There’s a reason you see marigolds in so many Florida gardens — they’re easy to grow, bloom reliably all summer, and have few insect and disease problems.

Marigolds (Tagetes spp.) have long been touted for their ability to suppress plant-parasitic nematodes. While it’s true that many marigolds produce the chemical alpha-terthienyl, shown to reduce certain populations of plant-parasitic nematodes, simply planting them alongside another crop (intercropping) has not been shown to reduce nematode populations. You can learn more about this topic in our article, “Garden Myths, Volume One.”

Nonetheless, the marigold is a reliable Florida annual. Available in mainly a range of yellows and oranges, these hardy annuals are often used for color massing, edging, borders, cut flowers and container plantings.

French marigolds excel year-round while the large-flowered African types are best for spring. The marigold will grow one to two feet tall, and needs full sun. The brightly colored flowers can be single or double. Try pairing them with plants that have dark-colored foliage to make the flowers really pop.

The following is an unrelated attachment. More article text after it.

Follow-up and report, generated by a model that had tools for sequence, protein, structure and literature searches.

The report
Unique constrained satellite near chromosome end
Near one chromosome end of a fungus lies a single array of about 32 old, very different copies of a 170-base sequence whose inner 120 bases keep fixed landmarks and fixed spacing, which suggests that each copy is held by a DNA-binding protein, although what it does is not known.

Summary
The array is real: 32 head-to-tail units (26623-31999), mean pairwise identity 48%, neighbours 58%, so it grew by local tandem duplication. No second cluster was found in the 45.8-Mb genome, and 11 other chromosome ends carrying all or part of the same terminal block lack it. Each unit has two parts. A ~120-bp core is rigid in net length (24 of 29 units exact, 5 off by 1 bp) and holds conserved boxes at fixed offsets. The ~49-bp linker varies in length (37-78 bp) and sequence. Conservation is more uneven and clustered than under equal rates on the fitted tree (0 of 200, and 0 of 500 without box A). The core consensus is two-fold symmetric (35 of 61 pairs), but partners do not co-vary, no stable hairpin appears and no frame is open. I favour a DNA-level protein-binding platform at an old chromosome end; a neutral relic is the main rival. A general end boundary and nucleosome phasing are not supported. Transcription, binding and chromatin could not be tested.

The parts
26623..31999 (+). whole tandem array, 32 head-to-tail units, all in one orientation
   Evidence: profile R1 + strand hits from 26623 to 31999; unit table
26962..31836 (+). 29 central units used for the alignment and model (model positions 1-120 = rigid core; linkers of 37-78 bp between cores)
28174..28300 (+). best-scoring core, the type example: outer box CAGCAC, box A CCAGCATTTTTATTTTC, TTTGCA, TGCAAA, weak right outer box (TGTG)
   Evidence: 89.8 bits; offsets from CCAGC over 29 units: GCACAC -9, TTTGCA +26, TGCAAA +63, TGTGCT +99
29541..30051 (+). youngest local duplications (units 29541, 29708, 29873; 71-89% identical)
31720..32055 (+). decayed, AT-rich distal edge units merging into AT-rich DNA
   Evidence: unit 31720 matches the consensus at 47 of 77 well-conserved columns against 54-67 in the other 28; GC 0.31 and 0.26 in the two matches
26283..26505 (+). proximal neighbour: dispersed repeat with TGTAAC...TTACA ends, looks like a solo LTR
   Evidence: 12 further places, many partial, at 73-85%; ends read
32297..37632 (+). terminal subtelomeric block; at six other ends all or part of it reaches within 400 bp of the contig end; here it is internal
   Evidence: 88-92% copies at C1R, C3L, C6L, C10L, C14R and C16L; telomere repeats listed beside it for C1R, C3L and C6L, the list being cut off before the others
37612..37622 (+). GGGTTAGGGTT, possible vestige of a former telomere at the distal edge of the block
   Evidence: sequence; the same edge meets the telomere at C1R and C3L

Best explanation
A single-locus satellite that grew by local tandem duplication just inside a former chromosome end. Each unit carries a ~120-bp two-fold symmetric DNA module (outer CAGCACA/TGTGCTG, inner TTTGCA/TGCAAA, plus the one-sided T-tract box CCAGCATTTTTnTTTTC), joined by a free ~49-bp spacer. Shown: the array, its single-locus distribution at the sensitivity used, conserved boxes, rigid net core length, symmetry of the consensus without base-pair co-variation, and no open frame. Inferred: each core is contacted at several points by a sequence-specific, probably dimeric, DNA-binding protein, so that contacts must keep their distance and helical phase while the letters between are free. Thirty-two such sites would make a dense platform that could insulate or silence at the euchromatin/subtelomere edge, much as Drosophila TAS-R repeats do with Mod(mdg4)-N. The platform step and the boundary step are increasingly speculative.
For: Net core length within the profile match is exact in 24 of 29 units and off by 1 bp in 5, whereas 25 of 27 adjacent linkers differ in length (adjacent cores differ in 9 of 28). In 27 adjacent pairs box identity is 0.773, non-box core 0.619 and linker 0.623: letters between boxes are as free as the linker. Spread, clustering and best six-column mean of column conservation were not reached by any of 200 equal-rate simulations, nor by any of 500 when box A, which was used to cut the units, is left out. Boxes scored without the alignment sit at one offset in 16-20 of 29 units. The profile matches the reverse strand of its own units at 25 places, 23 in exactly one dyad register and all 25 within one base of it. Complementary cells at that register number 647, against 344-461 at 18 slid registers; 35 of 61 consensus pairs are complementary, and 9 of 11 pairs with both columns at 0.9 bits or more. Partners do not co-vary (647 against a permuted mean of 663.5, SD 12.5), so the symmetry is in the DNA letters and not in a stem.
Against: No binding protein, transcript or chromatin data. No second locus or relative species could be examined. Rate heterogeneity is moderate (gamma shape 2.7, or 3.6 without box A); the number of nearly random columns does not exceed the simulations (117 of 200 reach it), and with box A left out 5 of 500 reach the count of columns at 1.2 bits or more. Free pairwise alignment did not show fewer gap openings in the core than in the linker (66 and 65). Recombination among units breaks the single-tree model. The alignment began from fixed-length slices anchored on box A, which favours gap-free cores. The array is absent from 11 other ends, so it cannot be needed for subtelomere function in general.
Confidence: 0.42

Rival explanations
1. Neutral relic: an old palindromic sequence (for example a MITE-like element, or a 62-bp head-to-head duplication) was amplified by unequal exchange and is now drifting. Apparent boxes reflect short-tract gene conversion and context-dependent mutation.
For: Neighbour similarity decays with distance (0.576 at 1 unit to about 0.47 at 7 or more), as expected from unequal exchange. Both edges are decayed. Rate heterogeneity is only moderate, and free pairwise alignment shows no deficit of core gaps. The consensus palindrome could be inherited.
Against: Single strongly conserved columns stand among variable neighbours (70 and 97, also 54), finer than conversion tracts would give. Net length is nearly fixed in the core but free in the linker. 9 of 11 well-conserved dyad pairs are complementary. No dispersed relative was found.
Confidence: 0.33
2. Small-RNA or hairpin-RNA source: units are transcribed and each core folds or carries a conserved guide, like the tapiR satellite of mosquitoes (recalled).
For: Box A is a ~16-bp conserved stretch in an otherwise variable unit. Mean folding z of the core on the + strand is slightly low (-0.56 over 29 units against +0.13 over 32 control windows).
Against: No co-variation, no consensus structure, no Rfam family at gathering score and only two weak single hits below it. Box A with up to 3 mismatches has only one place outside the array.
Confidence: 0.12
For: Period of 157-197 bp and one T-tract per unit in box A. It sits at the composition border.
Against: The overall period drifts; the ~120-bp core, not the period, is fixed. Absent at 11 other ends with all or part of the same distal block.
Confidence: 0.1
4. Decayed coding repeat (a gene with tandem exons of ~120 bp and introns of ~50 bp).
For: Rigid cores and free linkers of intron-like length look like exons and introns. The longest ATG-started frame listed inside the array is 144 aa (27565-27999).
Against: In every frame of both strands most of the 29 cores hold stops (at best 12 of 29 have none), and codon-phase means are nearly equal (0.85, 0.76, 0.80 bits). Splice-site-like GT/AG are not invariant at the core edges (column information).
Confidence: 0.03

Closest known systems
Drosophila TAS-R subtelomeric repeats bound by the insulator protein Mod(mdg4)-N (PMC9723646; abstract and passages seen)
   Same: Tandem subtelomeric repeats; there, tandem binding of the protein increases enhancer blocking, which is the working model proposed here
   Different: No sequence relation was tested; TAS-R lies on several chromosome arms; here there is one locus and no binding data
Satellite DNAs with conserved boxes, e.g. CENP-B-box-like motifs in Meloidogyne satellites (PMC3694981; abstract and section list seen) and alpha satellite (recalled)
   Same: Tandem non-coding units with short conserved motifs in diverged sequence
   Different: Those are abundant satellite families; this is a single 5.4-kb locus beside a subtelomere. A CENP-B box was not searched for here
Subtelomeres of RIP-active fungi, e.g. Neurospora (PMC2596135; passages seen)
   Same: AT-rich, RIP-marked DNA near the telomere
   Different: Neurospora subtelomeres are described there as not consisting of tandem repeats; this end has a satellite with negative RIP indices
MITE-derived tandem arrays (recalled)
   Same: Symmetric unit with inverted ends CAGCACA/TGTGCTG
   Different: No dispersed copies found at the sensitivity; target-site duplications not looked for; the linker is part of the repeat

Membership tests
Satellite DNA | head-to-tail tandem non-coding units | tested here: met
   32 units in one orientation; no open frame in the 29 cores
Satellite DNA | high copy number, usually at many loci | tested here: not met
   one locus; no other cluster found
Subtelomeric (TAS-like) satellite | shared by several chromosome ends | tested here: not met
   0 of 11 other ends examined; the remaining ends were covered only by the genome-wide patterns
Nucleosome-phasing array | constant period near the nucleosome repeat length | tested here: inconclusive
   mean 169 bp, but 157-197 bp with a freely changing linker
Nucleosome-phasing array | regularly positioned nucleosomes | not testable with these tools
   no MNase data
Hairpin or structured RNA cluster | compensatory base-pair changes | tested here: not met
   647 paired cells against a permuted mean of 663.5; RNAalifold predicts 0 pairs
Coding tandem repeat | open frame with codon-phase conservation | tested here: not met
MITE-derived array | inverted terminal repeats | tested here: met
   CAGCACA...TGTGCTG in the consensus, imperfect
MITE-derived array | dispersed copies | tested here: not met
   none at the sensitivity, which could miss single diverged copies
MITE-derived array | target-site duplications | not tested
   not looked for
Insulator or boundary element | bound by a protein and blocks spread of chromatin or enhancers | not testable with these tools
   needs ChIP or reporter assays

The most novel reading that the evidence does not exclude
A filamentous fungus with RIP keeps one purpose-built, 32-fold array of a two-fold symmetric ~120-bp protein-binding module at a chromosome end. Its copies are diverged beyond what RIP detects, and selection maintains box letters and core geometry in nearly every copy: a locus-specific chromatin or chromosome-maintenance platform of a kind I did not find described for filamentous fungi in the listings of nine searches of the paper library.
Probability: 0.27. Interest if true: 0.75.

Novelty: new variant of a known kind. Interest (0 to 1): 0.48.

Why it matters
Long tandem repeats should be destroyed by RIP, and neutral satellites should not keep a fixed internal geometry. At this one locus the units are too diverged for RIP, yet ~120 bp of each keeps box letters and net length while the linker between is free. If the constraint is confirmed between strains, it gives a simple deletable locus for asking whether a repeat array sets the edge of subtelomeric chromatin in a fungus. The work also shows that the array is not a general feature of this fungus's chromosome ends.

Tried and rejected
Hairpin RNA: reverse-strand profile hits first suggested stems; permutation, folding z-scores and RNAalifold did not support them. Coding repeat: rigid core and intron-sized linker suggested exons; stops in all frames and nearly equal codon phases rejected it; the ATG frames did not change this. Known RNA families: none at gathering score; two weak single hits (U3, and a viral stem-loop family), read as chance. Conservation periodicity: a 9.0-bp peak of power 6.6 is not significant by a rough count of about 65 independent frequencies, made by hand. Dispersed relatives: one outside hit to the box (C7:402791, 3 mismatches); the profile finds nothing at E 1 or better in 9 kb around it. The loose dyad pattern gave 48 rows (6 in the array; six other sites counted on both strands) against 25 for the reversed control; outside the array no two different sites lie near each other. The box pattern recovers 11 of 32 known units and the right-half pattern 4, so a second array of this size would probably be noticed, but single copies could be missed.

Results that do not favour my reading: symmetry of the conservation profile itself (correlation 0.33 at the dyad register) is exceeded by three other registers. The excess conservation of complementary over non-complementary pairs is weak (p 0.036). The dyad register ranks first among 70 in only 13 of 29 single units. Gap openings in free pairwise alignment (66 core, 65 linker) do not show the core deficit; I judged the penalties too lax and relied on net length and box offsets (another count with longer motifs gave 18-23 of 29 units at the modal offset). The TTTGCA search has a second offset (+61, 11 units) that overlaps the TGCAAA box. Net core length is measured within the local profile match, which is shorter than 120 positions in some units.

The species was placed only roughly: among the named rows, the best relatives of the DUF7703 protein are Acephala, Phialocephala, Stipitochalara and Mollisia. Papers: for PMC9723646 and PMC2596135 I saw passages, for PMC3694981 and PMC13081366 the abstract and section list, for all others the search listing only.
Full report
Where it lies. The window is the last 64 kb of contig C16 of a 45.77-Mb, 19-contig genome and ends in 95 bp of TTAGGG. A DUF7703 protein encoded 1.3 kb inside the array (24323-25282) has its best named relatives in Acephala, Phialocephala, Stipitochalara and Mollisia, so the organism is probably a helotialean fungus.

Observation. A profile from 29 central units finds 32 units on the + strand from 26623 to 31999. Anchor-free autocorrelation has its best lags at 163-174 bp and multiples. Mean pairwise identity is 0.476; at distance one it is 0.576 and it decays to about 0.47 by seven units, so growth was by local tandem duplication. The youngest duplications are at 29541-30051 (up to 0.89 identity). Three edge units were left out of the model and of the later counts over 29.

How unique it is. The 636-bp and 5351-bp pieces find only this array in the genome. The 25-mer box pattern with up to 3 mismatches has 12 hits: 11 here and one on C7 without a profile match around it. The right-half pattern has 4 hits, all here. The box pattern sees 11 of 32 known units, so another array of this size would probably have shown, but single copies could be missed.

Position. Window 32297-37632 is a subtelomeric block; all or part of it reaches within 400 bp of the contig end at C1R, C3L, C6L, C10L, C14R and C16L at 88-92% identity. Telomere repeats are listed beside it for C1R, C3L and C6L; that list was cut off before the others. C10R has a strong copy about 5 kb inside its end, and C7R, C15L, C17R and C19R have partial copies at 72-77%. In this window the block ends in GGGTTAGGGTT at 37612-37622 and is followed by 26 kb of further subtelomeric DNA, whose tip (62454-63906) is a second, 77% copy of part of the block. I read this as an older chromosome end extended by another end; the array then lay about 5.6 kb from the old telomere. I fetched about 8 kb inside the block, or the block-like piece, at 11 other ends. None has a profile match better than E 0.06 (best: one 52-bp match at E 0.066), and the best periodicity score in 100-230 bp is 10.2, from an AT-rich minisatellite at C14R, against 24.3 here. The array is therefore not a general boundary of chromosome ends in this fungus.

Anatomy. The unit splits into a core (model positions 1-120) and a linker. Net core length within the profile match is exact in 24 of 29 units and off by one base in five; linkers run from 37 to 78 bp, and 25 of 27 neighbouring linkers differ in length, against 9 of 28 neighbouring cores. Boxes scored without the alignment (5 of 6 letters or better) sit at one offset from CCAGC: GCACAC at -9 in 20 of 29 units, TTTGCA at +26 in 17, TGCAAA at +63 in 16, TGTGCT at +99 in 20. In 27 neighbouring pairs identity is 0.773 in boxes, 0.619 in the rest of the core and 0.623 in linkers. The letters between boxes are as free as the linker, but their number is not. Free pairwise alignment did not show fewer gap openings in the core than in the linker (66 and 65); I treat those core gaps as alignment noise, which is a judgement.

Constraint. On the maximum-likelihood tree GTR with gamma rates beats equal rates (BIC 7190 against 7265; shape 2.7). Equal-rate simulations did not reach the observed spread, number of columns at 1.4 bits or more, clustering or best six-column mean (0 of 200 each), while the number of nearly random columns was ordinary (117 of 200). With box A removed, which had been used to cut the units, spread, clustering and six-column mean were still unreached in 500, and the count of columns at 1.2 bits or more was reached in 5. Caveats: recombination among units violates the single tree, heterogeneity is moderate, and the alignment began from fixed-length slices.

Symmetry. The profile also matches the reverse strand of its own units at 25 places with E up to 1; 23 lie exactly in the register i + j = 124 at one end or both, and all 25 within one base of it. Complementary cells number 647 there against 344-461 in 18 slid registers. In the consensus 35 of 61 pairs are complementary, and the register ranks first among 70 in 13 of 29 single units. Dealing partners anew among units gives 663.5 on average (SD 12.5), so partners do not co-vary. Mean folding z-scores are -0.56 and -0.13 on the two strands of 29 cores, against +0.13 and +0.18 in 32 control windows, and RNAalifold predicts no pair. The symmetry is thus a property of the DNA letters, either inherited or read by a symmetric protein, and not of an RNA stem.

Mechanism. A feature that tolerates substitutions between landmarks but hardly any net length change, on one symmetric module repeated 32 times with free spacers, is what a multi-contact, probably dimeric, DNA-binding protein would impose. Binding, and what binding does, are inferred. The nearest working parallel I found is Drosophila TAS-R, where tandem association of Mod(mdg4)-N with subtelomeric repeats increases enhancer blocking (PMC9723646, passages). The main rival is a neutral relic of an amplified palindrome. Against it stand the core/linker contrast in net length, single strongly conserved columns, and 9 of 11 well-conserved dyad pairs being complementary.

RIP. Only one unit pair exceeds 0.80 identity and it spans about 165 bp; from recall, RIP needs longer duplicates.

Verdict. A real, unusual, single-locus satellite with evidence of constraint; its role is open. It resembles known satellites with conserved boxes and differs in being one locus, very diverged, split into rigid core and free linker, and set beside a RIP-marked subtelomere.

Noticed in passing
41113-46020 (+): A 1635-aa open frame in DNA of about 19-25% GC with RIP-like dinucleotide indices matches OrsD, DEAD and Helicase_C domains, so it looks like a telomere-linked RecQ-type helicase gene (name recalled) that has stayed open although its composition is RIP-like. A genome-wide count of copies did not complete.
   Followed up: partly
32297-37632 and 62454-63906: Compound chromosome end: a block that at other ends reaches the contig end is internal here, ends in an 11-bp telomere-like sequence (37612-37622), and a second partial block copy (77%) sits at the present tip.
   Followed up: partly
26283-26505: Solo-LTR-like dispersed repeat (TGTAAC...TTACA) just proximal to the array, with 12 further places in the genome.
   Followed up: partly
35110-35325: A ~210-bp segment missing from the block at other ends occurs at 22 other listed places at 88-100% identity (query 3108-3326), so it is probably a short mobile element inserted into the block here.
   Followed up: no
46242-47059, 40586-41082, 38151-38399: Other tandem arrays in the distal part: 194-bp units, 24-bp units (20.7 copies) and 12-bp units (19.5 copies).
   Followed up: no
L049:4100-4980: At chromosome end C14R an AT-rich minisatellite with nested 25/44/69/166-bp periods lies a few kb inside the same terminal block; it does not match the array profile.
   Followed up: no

They make great cut flowers and are most effective in mass plantings; place them at least a foot apart. They’ll fill in to create a groundcover in an open bed or beneath a small tree.

Another flowering plant species, Calendula officinalus, is often confused with marigold, so much so that it’s called “pot marigold.” We refer to them as calendula on Gardening Solutions. While calendula is widely accepted as an edible flower, there is much disagreement on the edibility of marigolds, probably due to the confusion with calendula.

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